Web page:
Hubble Finds the Most Distant Star Ever Seen

[ad_1]

The Sunrise Arc Galaxy With Lensed Star Earendel Credit: Science: NASA, ESA, Brian Welch (JHU), Dan Coe (STScI), Image Processing: NASA, ESA, Alyssa Pagan (STScI)

The NASA/ESA Hubble Space Telescope has established an extraordinary new benchmark: detecting the light of a star that existed within the first billion years after the Universe’s birth in the Big Bang (at a redshift of 6.2) — the most distant individual star ever seen. This sets up a major target for the NASA/ESA/CSA James Webb Space Telescope in its first year

This find is a huge leap back in time compared to the previous single-star record holder; detected by Hubble in 2018. That star existed when the universe was about 4 billion years old, or 30 percent of its current age, at a time that astronomers refer to as “redshift 1.5.” Scientists use the word “redshift” because as the Universe expands, light from distant objects is stretched or “shifted” to longer, redder wavelengths as it travels toward us.

But the newly detected star is so far away that its light has taken 12.9 billion years to reach Earth, appearing to us as it did when the universe was only 7 percent of its current age, at redshift 6.2. The smallest objects previously seen at such a great distance are clusters of stars, embedded inside early galaxies.

Lensed Star Earendel Annotated

The star nicknamed Earendel (indicated with arrow) is positioned along a ripple in spacetime that gives it extreme magnification, allowing it to emerge into view from its host galaxy, which appears as a red smear across the sky. The whole scene is viewed through the distorted lens created by a massive galaxy cluster in the intervening space, which allows the galaxy’s features to be seen, but also warps their appearance—an effect astronomers call gravitational lensing. The red dots on either side of Earendel are one star cluster that is mirrored on either side of the ripple, a result of the gravitational lensing distortion. The entire galaxy, called the Sunrise Arc, appears three times, and knots along its length are more mirrored star clusters. Earendel’s unique position right along the line of most extreme magnification allows it to be detected, even though it is not a cluster. Credit: Science: NASA, ESA, Brian Welch (JHU), Dan Coe (STScI), Image Processing: NASA, ESA, Alyssa Pagan (STScI)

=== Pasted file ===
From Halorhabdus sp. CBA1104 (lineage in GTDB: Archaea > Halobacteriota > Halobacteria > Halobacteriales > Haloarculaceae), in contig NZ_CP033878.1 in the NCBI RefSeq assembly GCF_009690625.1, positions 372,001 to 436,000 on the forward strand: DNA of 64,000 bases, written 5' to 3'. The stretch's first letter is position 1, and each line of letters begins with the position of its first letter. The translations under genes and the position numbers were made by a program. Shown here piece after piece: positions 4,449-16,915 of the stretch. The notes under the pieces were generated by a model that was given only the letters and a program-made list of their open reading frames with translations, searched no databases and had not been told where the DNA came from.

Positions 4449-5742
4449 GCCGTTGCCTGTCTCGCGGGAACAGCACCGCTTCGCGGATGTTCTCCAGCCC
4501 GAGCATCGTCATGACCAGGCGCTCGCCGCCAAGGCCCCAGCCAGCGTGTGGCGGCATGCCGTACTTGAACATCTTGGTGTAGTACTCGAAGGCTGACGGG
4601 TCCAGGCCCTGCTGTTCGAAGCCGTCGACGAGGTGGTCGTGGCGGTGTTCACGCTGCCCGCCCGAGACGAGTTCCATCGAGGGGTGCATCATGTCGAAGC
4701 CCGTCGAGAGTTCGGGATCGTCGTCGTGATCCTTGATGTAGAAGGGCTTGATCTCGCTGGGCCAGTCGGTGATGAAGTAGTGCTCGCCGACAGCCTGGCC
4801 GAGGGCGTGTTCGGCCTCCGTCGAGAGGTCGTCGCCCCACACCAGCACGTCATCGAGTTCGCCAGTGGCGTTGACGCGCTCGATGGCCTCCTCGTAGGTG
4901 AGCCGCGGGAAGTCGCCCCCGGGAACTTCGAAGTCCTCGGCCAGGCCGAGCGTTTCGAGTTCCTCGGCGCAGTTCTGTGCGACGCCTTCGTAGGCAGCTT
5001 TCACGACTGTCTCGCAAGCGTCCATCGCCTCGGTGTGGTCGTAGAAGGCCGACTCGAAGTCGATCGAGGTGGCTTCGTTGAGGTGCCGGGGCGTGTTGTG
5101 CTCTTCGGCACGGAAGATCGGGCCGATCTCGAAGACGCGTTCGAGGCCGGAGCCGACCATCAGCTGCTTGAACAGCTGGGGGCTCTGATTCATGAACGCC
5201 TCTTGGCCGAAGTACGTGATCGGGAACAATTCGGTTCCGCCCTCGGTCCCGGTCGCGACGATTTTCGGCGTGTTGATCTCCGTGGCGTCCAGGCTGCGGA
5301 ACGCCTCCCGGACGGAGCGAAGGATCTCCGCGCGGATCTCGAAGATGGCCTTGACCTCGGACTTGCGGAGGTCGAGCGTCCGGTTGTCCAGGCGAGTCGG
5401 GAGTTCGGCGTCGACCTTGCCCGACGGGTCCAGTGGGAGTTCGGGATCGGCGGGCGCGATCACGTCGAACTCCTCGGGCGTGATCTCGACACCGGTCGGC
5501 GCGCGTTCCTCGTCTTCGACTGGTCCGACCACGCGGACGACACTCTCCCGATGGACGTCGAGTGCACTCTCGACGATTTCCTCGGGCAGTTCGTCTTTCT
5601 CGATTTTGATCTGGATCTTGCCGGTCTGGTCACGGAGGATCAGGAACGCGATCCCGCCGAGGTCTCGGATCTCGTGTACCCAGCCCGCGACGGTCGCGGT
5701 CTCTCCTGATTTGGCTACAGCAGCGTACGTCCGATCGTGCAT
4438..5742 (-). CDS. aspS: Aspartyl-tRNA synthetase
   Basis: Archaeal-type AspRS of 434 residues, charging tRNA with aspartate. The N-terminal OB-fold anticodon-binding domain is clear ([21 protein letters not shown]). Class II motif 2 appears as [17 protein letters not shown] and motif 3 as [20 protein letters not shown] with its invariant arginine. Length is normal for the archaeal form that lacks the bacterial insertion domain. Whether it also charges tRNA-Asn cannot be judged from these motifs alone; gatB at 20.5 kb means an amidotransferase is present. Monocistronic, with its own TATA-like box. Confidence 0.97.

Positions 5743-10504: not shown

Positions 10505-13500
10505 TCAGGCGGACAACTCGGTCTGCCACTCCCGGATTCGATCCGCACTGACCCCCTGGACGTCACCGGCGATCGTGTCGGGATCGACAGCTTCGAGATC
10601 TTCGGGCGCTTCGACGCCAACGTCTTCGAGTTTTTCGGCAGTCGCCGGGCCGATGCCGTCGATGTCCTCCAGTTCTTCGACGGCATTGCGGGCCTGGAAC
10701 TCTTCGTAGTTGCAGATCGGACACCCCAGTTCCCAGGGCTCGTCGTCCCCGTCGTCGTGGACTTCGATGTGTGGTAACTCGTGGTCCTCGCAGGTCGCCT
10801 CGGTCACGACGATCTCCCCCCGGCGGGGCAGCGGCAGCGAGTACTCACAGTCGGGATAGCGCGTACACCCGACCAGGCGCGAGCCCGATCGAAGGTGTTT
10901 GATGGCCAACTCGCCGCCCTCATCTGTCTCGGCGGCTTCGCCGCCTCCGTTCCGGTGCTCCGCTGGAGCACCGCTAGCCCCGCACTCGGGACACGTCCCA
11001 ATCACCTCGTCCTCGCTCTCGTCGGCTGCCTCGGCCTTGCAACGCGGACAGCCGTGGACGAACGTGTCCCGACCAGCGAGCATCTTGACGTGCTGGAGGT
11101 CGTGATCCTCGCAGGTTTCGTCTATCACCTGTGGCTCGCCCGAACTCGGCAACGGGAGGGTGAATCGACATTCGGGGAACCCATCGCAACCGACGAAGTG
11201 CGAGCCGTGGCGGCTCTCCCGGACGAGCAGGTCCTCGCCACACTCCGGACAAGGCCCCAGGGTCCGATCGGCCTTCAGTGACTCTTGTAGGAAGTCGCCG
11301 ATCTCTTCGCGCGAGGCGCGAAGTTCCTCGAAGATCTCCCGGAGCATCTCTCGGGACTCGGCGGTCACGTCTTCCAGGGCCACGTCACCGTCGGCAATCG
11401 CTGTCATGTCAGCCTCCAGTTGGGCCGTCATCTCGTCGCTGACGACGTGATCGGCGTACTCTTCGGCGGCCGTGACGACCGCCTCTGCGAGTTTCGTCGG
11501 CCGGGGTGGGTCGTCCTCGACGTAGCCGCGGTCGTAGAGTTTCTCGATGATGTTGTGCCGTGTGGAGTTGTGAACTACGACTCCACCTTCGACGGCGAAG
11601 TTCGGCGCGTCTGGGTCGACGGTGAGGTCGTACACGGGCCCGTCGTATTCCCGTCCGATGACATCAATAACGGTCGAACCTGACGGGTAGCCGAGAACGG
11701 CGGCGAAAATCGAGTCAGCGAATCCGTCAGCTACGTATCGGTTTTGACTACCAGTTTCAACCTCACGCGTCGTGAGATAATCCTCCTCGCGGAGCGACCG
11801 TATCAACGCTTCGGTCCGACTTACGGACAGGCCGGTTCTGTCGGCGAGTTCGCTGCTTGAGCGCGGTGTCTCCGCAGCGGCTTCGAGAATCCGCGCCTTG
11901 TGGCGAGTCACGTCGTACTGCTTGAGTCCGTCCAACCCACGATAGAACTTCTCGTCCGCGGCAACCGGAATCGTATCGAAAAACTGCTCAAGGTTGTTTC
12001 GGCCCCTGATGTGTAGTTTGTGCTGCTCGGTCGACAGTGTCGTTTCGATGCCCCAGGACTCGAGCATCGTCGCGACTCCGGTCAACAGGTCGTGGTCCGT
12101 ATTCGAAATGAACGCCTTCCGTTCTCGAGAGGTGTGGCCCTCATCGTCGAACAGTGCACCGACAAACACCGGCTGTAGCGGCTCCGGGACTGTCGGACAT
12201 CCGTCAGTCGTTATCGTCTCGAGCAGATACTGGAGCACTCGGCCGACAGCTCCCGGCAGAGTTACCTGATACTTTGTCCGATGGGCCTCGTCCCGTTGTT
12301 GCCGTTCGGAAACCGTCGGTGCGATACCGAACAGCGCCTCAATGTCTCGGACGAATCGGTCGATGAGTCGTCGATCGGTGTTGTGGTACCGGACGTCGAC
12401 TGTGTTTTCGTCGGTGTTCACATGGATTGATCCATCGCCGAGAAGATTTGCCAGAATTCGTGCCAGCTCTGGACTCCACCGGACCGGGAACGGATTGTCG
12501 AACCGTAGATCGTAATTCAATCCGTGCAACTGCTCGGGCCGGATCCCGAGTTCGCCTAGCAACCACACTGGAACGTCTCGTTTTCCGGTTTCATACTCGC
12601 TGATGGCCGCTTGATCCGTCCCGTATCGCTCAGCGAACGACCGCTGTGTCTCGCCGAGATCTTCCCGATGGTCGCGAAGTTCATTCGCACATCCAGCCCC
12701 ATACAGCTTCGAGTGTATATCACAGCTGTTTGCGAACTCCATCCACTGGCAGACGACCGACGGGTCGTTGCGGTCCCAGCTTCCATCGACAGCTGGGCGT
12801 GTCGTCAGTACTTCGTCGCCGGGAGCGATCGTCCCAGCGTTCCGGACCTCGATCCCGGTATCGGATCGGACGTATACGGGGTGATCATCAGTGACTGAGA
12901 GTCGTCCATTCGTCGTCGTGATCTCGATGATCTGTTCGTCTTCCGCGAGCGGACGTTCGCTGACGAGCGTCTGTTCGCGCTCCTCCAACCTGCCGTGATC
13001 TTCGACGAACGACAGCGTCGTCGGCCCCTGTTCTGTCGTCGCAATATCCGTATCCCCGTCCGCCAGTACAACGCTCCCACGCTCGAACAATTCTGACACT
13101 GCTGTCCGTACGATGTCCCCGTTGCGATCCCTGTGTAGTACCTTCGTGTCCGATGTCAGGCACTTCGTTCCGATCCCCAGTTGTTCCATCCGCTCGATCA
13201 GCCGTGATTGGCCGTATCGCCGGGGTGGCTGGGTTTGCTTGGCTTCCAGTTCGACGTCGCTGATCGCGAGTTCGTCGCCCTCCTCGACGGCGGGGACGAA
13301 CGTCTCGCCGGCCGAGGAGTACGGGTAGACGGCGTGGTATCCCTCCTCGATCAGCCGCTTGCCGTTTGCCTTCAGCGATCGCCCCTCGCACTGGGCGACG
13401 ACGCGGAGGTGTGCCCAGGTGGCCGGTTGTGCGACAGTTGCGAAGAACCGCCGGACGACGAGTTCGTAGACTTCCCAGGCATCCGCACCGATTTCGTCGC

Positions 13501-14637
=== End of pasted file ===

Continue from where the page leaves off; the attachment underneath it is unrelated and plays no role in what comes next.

Thanks to the rare alignment with the magnifying galaxy cluster, the star Earendel appears directly on, or extremely close to, a ripple in the fabric of space. This ripple, which is known in optics as a “caustic,” provides maximum magnification and brightening. The effect is analogous to the rippled surface of a swimming pool creating patterns of bright light on the bottom of the pool on a sunny day. The ripples on the surface act as lenses and focus sunlight to maximum brightness on the pool floor.

This caustic causes the star Earendel to pop out from the general glow of its home galaxy. Its brightness is magnified a thousandfold or more. At this point astronomers are not able to determine whether Earendel is a binary star, but most massive stars do have at least one smaller companion star.
Astronomers expect that Earendel will remain highly magnified for years to come. It will be observed by the NASA/ESA/CSA James Webb Space Telescope later in 2022. Webb’s high sensitivity to infrared light is needed to learn more about Earendel, because its light is stretched (redshifted) to longer infrared wavelengths by the expansion of the Universe. 



[ad_2]

Leave a Reply

Your email address will not be published.